Thanks for (unknowingly) coming along :)

  5. Kayo says

    Do you think this would work on clear plastic bottles? Or would the acetone cloud it? Has any one tried that? I love the shape of the POM bottles and want to use them for a crafty gift :)

    • Jenni says

      Hi! I love the shape of the POM bottles too. I’m not sure if it would work or if it would make the bottles cloudy. It’s worth trying on one though, just to see what happens. If you test it out, I’d love to know what happened!! Come back and let us know!

    • TYRODD says


      • Jenni says

        June, POM is a namebrand of a juice and the bottles are shaped different than typical juice bottles. Some people like to save them and reuse them for different things. They make pretty vases.

  6. Tonya says

    I have used it to get the adhesive off of smart water bottles for a craft project and it didn’t make the plastic cloudy. You could try a small spot, if it does make it cloudy you could use non-acetone polish remover. It will take longer but I know for sure that won’t cloud

  7. Jerry says

    I saw a couple of posts asking about clear bottles. Here is another trick you can try. If you have bottles with the clear labels (the kind that make it look like the printing is on the bottle), you can use Goo Gone (citrus oil cleaner) to remove the adhesive. Peel the label off, soak the sticky place with Goo Gone, and rub vigorously with a paper towel until the adhesive is either mostly gone or thoroughly softened. Then wash in hot soapy water to remove the oily residue. You might have to reapply to touch up a spot or two, but usually once is all you need.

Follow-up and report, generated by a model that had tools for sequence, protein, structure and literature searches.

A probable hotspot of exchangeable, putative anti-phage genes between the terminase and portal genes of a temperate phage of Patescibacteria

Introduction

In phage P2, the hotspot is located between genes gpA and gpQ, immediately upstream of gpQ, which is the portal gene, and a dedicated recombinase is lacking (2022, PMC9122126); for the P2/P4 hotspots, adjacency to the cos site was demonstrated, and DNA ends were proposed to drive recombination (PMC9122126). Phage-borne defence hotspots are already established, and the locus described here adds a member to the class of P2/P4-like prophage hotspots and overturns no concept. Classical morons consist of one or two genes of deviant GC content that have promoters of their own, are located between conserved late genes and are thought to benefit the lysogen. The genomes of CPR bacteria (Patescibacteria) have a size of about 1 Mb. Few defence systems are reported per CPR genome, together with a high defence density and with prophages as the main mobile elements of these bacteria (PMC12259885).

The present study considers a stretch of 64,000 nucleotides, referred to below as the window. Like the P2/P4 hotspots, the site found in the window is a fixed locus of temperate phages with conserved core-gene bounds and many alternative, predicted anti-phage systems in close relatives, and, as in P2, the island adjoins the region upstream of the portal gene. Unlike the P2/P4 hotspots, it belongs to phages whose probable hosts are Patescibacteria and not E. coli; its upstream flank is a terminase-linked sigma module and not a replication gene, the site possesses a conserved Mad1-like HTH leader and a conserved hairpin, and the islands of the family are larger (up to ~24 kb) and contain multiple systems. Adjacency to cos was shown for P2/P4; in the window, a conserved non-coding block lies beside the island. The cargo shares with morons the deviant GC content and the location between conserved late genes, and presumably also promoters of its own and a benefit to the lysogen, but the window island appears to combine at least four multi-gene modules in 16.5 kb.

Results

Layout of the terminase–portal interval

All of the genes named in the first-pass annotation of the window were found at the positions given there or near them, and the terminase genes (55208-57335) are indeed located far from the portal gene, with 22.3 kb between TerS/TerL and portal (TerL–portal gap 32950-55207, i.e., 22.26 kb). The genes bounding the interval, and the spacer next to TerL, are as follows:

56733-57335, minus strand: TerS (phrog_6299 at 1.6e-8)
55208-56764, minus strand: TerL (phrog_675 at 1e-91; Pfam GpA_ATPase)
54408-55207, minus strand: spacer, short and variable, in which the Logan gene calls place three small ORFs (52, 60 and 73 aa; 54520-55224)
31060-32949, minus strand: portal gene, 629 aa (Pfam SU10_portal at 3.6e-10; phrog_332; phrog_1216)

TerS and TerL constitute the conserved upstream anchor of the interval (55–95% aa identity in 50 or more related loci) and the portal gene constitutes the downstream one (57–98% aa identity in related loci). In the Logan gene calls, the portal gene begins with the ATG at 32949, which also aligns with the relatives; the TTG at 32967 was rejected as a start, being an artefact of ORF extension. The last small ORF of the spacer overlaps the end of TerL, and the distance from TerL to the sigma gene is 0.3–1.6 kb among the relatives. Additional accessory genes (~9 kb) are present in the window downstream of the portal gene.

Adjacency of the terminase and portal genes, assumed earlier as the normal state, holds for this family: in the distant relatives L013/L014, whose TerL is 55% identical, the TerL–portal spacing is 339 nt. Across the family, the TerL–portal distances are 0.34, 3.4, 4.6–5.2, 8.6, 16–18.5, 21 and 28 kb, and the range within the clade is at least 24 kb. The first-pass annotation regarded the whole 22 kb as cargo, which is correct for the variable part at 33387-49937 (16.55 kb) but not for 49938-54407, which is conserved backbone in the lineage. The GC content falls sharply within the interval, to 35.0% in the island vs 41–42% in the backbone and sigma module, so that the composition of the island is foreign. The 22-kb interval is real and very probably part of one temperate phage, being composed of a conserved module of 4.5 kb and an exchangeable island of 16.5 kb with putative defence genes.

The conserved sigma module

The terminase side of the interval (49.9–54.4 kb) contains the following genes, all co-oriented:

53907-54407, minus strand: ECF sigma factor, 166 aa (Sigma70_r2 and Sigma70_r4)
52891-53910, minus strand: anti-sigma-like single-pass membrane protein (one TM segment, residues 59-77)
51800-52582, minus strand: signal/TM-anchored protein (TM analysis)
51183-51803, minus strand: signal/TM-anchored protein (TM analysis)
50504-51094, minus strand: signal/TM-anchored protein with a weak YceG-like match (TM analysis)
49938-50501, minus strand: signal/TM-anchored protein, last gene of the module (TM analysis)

I use it to remove wine bottle labels so I can bottle homemade wine or vinegar, but it works on any number of other bottles. Citrus oil cleaner will also remove grease pencil marks, like many thrift stores use to price their items.

  8. MrsMac3973 says

    Is using a toxic chemical to remove ink on food containers a safe practice? If it’s toxic enough to remove nail polish, wouldn’t you want to avoid using it on surfaces that come into contact with food?

    • Al Smedley says

      Where the solvent would be used is not where your food would go, at least as per how I visualize it.

  9. Judy P. says

    Never thought about using acetone. I’ve scrubbed my fingers to the bone using cleanser or any other type of cleaner. I just use them with ink intact, but save them mostly for leftovers so I don’t really care. Just got rid of a bag full yesterday at my daughters. All the Thanksgiving leftovers send home with the kids and grandkids!! LOL They’re perfect for that. They’re free and you don’t have to worry about getting your good plastic containers back, plus you can always restock thru the year using your whipped topping, yogurt, and sour cream.